The way in which women’s sense of worth is attacked by patriarchy on a daily basis, through porn for example, where the main purpose is to degrade women is not given a mention.
‘Shame’ is discussed, complete without any analysis of how female shame is woven into the fabric of society, and into most religions too. Christianity has long insisted that women are dirty, their bodies are dirty and marriage will purify them. Even after childbirth, they must be “churched” because childbirth is also dirty, like women. But here, I have inadvertantly found a golden nugget of wisdom: men, apparently, know that shaming someone is the easiest way to control them. I assume they mean other men here, because the easiest way to control women is to create a culture of rape and violence against them, with shame acting as merely the cherry on top. Though shame is significant for men, it permeates women’s lives.
“It was Thomas Scheff, emeritus, professor of sociology at the University of California, Santa Barbara, who said that shame was the social emotion. He meant almost exactly what Dickerson and Kemeny were referring to when they found that the most likely kinds of stressors to raise levels of stress hormones were ‘social evaluative threats’ By ‘shame’ he meant the range of emotions to do with feeling foolish, stupid, ridiculous, inadequate, defective, incompetent, awkward, exposed, vulnerable and insecure. SHame and its opposite, pride, are rooted in the processes through which we internalize how we imagine others see us. Scheff called shame the social emotion bceause pride and shame provide the social evaluative feedback as we experience ourselves through others’ eyes”
He doesn’t mention that men get to define themselves and that society defines women through men’s eyes.
How many more FAILS should I mention?
Perhaps this gem:
Having friends, being married, belonging to a religious group or other association and having people who will provide and support, are all protective of health”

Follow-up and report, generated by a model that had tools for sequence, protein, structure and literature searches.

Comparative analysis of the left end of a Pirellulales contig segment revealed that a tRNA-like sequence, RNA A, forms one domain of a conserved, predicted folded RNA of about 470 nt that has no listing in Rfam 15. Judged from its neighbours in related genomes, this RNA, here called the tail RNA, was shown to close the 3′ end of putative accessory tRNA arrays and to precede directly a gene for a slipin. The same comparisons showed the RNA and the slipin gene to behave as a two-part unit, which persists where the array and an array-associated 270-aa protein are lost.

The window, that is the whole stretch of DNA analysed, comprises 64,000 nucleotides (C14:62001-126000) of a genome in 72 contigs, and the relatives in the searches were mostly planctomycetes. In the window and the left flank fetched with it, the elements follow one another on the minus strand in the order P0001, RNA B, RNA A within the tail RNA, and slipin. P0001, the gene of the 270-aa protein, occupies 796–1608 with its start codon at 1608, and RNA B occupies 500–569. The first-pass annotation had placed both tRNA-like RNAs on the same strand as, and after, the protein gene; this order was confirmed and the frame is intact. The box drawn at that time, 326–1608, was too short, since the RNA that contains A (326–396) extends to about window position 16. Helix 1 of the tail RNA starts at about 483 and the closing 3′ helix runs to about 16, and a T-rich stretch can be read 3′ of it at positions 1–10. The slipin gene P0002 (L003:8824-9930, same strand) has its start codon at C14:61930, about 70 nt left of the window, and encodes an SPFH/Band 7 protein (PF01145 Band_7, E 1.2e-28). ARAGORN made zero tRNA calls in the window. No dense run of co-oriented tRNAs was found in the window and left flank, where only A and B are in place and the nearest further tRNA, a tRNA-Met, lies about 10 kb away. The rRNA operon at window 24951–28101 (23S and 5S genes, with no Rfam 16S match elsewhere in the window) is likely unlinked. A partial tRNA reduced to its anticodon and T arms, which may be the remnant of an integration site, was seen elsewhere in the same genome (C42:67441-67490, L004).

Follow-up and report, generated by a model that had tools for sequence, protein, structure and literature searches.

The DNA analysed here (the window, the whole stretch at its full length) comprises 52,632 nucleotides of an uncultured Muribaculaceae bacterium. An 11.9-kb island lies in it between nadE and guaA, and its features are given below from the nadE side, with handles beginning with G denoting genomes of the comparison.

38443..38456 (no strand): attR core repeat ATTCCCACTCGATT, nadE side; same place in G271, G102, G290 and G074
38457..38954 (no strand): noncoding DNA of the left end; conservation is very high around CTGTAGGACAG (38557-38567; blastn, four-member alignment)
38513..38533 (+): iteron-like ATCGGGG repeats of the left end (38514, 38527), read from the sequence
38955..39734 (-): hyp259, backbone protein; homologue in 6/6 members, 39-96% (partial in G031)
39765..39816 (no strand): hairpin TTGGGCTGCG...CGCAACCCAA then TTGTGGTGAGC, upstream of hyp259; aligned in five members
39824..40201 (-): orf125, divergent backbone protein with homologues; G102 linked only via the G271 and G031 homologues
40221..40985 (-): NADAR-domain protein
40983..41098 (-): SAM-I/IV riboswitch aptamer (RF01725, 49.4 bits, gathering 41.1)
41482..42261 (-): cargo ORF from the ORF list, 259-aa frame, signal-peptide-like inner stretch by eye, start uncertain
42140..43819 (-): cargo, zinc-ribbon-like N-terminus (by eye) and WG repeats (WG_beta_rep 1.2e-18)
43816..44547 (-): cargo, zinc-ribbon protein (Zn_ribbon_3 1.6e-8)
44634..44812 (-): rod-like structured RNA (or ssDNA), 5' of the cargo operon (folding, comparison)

Nope, they’re protective of men’s health. Happiness rankings are as follows:
Married men (happiest)
Single women (second happiest; they have to put up with patriarchal shit)
Married women (not very happy at all)
Single Men (most depressed, unhappy and suicidal) [Greer, The Whole Woman]
It’s pretty obvious why men invented marriage isn’t it. Marriage supports men and destroys women (Greer). To say that female happiness correlates positively with being married is a barefaced lie, at best.
He blathers on: apparently having a “sense of control over our lives” makes a difference to happiness. Tell women something they didn’T know already. Srsly, are men just discovering this now? Women could have told them all this a thousand years ago, if they’d only asked.
On the chapter about violence, he cites an incident of a gunman who entered a mall and shot five people , and follows it quickly by two examples of boys being murdered by men. What he is actually doing is drawing attention away from the sheer amount of homicides which are male against female… Or perhaps, like transwomen, he only notices violence when the victim is male. “Violence is a real worry in many people’s lives” he says on page 129. To eliminate femicide from this chapter is not just ignorant, it is obfuscating the truth. And he goes on and on and on and on about how men feel when they are threatened by violence.
The Evolutionary Psychology on page 134 made my day for its originality of though backed up by hard science (not)
“While looks and physical attractiveness are more important for women, it is status that matters most for sexual success among men”
“Sexual success” [boak] Another FAILure to explain that women are oppressed economically and men reap the gains of their labour as they simultaneously withold economic resources from women, forcing them to rely on men. For some strange reason, women just like men of status. Wilkinson offers no political or social analysis of female exploitation at all.
And no book would be complete without a “Blaming the Mother” passage as a substitute for finding ways how society could better support mothers.
“…researchers are also recognizing that stress in early life, in the womb, as well as in infancy and early childhood, has an important inlfuence on people’s health throughout their lives”
There is no suggestion that perhaps men should stop stressing pregnant women out. The author(s) don’t point out that domestic violence increases when a woman is pregnant.
Sorry, no book would be complete without a picture of a naked woman. Which is why on page 86, figure 6.7 sports a naked (young) female body with arrows along it indicating the various health problems caused by stress. Two birds with one stone. Nekkid woman AND women’s bodies are pathological. WIN for the patriarchy.